There are some 270 churches in Paris intra-muros, whereof some 160 catholic, some 40 protestant, some 25 synagogues and some 20 mosques... Here is another Roman Catholic one, actually one of Paris’ biggest, but not among the most visited – Notre-Dame-de-la-Croix, to which you could add “de Menilmontant”, a quarter in the east of Paris on which I already have posted a few times (e.g. here and here). Menilmontant was a hamlet, part of the commune Belleville, which together with other suburbs was absorbed into Paris in 1860, then dominated by a working-class population.
Menilmontant seeing its population grow considerably as from the beginning of the 19th century, there was a need for a church. A chapel was built, soon too small and replaced by the present church, built during the years 1863-1880. The works were of course again interrupted by wars and the Paris Commune in 1871 – meetings by the communards were held in the not yet completed church… .
The design is quite typical for churches built in Paris during these years, you may refer to it as neo-roman with gothic elements, especially in the interior. What especially distinguishes it is the modern concept to use metallic visible girders. A specail word also for the organ, by the master organ builder, Arisitide Cavaillé-Coll, from 1874....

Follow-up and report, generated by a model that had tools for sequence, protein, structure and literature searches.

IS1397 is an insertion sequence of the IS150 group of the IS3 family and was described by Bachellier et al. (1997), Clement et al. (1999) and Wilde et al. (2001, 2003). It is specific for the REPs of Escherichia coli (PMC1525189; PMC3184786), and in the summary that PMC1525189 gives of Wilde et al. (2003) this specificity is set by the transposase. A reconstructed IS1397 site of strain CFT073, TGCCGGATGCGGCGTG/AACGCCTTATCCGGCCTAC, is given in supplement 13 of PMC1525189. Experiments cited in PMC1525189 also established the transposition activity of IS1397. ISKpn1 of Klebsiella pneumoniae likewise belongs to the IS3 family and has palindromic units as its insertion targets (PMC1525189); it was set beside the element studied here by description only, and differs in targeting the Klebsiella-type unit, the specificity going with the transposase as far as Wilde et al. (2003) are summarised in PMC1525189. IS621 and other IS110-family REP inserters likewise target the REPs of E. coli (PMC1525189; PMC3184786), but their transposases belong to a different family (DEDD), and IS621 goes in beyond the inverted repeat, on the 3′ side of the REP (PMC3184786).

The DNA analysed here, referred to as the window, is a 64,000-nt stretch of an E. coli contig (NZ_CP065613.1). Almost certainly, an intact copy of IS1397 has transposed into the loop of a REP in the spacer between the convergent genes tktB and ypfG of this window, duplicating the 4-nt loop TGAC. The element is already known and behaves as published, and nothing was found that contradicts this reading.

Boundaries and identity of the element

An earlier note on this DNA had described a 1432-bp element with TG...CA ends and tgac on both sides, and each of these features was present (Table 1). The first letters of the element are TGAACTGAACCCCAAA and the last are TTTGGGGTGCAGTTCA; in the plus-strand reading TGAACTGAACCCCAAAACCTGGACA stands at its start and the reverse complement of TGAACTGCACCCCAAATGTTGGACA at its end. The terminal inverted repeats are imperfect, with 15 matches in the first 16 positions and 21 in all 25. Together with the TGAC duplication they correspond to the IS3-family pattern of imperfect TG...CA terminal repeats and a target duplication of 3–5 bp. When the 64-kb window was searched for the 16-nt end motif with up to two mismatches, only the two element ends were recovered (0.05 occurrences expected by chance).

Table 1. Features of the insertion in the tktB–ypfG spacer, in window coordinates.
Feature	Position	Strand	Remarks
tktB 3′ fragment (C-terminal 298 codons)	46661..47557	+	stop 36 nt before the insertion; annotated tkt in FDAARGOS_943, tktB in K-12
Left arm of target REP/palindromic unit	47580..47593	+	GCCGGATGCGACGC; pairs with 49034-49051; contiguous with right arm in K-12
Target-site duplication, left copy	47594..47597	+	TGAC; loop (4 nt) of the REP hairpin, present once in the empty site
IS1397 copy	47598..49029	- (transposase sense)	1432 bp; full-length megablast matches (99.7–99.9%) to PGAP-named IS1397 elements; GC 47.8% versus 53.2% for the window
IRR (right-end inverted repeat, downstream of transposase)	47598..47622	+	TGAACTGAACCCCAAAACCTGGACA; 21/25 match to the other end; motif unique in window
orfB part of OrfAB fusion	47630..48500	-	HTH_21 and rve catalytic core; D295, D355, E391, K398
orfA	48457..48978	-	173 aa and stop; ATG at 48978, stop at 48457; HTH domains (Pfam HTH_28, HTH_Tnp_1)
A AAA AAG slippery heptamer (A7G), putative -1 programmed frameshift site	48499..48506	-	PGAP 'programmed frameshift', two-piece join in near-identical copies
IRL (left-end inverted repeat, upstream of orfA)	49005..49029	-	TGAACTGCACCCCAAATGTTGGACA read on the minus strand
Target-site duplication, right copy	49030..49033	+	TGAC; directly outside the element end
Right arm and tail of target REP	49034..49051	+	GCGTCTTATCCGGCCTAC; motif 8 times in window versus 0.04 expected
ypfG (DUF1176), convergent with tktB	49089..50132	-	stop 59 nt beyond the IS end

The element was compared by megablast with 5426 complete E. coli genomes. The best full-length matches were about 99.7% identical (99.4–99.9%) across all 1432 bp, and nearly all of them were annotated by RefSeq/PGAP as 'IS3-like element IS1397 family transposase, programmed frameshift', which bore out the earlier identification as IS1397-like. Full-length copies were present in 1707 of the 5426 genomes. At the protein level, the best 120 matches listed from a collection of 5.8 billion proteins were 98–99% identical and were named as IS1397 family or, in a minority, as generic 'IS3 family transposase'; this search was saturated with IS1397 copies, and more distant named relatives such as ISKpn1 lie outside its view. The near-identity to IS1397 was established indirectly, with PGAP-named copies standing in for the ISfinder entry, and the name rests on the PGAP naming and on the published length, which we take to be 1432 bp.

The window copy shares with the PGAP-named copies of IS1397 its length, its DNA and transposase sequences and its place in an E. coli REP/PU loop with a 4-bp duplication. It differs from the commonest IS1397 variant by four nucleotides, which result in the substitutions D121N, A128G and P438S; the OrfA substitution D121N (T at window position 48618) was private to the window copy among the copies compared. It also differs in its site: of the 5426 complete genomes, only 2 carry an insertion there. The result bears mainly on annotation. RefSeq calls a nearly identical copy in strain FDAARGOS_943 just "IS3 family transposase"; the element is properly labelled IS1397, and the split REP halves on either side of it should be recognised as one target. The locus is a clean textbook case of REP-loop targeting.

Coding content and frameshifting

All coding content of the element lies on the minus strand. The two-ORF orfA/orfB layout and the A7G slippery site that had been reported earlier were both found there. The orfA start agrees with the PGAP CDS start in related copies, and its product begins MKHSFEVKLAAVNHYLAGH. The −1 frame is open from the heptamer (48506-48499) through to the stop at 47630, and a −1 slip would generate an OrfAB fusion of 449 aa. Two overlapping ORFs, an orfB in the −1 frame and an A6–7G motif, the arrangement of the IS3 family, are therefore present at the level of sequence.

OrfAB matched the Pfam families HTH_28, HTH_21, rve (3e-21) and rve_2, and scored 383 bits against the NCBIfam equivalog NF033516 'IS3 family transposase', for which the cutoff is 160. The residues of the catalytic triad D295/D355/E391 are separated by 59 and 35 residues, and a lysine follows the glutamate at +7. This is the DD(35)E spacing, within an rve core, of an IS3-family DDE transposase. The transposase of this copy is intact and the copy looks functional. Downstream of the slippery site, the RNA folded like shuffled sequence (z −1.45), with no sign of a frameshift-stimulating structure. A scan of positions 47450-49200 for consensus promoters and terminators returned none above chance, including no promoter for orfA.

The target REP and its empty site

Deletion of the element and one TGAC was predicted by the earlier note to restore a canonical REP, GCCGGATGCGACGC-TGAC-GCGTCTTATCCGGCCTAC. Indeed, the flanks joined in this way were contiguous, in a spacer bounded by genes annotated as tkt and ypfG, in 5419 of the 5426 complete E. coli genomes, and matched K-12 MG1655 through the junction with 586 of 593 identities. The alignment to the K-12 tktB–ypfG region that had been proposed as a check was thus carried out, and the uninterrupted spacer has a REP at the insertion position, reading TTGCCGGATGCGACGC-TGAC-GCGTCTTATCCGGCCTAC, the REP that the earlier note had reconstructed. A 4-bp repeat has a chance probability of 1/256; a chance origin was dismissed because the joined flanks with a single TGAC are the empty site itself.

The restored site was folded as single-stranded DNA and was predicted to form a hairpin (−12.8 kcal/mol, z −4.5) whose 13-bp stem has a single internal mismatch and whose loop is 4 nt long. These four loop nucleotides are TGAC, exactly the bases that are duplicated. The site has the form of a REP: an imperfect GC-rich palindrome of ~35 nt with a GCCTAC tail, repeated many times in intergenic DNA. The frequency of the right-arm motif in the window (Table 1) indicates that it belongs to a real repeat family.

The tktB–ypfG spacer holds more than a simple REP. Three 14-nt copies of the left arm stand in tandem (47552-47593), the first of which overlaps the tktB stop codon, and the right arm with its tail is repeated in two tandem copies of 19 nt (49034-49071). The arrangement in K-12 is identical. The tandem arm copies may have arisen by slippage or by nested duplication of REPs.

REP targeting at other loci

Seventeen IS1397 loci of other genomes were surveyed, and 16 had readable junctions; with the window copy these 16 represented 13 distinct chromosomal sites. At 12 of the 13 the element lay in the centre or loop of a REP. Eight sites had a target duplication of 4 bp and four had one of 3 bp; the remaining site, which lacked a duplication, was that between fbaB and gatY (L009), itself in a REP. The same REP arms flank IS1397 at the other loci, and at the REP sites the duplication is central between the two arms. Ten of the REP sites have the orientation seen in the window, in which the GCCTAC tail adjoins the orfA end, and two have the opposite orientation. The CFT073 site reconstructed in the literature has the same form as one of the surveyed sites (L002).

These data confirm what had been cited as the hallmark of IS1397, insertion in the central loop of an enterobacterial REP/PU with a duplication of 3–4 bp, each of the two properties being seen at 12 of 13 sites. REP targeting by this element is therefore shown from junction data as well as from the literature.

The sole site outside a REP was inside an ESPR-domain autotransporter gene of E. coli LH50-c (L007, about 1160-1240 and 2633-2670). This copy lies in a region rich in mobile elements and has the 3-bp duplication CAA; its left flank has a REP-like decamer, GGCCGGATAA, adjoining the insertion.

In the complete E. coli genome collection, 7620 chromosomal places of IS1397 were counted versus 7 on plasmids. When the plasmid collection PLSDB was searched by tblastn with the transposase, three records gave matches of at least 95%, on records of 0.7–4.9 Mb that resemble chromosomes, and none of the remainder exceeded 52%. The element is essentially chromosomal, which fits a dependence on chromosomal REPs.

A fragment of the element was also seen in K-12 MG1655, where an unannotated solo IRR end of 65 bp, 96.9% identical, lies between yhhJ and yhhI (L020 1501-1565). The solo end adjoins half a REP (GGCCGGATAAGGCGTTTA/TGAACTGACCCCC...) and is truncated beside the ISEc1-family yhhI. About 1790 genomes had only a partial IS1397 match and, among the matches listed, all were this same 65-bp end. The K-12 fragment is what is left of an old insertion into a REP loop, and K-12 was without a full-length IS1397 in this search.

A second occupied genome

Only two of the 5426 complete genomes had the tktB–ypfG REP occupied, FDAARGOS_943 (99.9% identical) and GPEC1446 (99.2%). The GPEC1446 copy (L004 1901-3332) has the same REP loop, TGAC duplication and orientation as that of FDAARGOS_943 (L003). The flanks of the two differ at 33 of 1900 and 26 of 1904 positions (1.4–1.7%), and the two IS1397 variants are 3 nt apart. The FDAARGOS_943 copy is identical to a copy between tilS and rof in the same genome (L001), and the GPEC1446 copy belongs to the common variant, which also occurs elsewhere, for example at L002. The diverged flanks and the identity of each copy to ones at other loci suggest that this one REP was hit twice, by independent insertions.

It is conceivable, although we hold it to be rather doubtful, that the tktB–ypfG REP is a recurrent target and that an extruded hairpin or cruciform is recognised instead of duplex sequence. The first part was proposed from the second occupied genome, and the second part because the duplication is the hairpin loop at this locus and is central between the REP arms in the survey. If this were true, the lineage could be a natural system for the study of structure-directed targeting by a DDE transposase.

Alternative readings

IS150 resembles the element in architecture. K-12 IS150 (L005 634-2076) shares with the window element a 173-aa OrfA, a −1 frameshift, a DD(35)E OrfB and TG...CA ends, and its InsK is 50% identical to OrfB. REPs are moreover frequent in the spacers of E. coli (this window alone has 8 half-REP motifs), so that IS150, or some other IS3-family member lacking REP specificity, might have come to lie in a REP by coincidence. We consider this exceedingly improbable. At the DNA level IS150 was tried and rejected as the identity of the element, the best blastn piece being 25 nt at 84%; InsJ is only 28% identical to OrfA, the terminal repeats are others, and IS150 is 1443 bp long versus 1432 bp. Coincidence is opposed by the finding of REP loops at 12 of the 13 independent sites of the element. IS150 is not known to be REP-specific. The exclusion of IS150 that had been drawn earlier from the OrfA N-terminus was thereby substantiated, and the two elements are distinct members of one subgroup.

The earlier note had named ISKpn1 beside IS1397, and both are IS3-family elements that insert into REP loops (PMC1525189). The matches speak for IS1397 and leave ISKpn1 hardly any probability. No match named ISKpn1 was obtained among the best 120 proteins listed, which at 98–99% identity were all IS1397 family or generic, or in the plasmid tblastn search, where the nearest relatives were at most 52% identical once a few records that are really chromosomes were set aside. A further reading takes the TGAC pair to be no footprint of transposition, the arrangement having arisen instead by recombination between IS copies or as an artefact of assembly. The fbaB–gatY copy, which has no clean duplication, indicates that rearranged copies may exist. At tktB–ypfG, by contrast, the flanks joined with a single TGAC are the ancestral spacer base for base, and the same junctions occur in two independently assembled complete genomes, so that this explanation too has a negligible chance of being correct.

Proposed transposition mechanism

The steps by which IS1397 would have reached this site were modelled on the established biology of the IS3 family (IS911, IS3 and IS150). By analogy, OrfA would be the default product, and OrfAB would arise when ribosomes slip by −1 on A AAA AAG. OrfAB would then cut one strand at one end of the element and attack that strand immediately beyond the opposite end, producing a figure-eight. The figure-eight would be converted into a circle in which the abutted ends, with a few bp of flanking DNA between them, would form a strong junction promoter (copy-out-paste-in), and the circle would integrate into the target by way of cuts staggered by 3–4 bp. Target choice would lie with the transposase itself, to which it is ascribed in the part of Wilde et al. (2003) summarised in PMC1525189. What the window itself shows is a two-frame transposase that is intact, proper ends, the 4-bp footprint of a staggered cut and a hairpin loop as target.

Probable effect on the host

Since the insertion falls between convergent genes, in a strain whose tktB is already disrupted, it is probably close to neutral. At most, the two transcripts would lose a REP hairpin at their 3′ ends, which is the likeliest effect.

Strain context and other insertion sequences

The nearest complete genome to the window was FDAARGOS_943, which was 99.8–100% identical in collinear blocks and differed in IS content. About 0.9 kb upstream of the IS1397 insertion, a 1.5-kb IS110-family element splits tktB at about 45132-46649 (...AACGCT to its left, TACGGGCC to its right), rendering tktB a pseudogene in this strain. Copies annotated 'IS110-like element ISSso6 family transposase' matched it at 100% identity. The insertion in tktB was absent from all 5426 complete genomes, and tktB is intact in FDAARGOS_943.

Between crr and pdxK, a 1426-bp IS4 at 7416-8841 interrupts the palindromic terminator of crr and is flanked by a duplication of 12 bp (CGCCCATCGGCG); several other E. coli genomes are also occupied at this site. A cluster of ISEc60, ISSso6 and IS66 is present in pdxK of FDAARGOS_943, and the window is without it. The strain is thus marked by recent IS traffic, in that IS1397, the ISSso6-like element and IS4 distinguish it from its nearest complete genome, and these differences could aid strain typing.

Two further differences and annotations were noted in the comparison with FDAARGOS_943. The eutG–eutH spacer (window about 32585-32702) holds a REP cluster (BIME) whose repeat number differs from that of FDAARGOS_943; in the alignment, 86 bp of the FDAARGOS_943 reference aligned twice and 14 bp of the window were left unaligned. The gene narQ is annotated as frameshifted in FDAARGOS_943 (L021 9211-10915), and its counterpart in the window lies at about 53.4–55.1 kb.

… and also, as built on a steep slope, about the imposing stairs in front of it.
Some photos of the interior, with a large number of paintings, sculptures…
When you reach the bottom of the stairs in front of the church, you will find a nice little square, named after Maurice Chevalier, who was born and started his career in the small bars at Menilmontant.
In January 1916, Menilmontant suffered from bobming by a Zeppelin. Many injured and more than 20 killed. The official mass for the victims took place here.
Once there, you may notice in the little garden surrounding the church, a little building, decorated by kids – tiles with pictures and texts referring to “Europe”.